What’s the fastest way to accumulate the largest amount of cash in the shortest time? The answer is, eliminate or greatly reduce what you are spending in the form of unnecessary tax payments to the federal government. By eliminating or greatly reducing those quarterly or annual payments and depositing them directly into your plan you accelerate your net worth without additional labor by no less than 40%. Add tax deferred growth and compounding and your account balance will in a few short years accelerate to a sizeable amount. The chart below compares after tax investing against pretax accumulation. Note: given the same net income which scenario runs out of money first?
Here’s what each chart reflects:
There is the same contribution in both except one is after-tax and the other is a pre-tax contribution. Both charts assume an annual 10% return for each contribution year. The glaring difference is with the after tax chart we continued the 10% assumed rate of return until all the money was paid out. The pretax chart illustrates that once distribution occurred, the rate of return was reduced down to 5%, meaning the after tax chart has a huge advantage.
Both charts reflect a 40% tax rate.
In the after tax chart you will notice the Pre-Return Tax column, we are allowing there will be some tax each year on the accumulation due to dividends, unrealized capital gains, etc.
In the tenth year we pay out the same net distribution for each chart. Notice in the pre-tax chart that in the tenth year there is already $700,000 more in the fund column than with the after tax column. Moving to age 78 the after tax column is out of money, while the pretax chart continues to deliver a constant income for another decade.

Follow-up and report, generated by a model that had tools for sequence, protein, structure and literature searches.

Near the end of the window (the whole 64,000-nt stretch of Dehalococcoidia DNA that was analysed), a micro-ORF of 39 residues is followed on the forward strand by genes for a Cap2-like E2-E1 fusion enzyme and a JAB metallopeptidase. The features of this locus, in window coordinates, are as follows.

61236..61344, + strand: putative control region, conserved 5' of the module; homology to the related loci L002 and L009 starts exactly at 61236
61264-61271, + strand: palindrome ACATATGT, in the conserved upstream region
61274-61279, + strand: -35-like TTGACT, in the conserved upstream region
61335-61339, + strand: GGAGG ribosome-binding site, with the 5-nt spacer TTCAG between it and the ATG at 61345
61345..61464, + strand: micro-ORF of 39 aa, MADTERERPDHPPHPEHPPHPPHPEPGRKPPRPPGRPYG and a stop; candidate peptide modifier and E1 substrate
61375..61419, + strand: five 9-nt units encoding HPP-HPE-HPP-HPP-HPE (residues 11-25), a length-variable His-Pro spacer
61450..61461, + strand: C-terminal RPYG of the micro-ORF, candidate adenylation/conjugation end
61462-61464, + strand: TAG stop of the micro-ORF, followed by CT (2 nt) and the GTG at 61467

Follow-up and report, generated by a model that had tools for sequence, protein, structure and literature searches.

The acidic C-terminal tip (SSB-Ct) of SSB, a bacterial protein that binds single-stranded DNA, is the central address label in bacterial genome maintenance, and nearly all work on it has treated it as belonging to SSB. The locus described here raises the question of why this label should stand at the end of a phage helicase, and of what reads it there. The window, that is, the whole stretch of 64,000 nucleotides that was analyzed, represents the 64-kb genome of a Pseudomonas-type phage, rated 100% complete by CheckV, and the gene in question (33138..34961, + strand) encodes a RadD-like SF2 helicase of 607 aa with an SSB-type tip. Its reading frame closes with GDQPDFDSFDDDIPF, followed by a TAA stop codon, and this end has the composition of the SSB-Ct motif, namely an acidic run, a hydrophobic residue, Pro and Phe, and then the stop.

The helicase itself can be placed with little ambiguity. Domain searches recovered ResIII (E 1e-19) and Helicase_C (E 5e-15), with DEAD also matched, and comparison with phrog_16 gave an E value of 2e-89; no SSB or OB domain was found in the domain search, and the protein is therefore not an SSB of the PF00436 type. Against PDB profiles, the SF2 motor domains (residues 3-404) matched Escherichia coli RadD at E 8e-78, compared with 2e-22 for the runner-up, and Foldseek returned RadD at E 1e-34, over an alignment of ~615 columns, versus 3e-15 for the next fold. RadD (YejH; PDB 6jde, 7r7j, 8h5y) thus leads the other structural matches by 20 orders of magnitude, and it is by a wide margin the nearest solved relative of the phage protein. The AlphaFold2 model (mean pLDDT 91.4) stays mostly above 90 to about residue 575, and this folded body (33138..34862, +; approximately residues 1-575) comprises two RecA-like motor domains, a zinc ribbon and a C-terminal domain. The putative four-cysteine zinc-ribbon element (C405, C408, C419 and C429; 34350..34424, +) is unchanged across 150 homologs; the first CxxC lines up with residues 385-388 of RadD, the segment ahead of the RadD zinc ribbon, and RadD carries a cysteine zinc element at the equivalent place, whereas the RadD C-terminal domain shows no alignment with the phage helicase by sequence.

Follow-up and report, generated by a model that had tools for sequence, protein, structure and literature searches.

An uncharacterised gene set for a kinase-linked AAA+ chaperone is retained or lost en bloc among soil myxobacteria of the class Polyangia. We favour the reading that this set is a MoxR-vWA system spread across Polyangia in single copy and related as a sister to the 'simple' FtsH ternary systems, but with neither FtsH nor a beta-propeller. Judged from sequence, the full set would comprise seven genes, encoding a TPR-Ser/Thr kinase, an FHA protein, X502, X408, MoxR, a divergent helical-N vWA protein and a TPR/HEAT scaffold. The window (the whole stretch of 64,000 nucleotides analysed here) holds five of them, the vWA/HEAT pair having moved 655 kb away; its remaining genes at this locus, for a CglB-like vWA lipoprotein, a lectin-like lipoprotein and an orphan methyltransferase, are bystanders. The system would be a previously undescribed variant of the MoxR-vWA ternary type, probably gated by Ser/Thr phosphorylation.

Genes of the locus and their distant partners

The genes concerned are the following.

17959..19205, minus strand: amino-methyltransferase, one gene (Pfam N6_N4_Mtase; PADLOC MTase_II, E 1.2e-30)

|Year||Age||Cash Contribution||Taxes||Fund Value||Before-Tax Yield||Pre-Tax Return||Post-Return Tax||After-Tax Yield||Retirement Income|
|Year||Age||Cash Contribution||Taxes||Fund Value||Before-Tax Yield||Taxes||After-Tax Yield||Income||Taxes||Retirement Income|
The conclusion: the numbers accurately reflect without bias what someone might actually expect to accumulate over a few years. It correctly shows what has widely been known for decades. Any time you have the use of not only your money but Uncle’s portion as well, and you include tax deferred compounding there really is no way but to out-perform pre-tax investing. To come close with after tax investing you would have to have had in excess of a 20% return each and every year without any market fluctuations. Remember we also gave the advantage of excess returns during the distribution phase to the after-tax column as opposed to the lower 5% return in the pre-tax column during the distribution period. Even then the after-tax lags far behind.
It’s safe to assume not all situations lend themselves to this form of accumulation for a variety of reason. Knowing this, there are strategies which will work to help accelerate and secure the amounts you wish to invest. Knowing what drives and motivates you to work and live, to support whatever lifestyle you have is at the core of all planning opportunities. There are other options.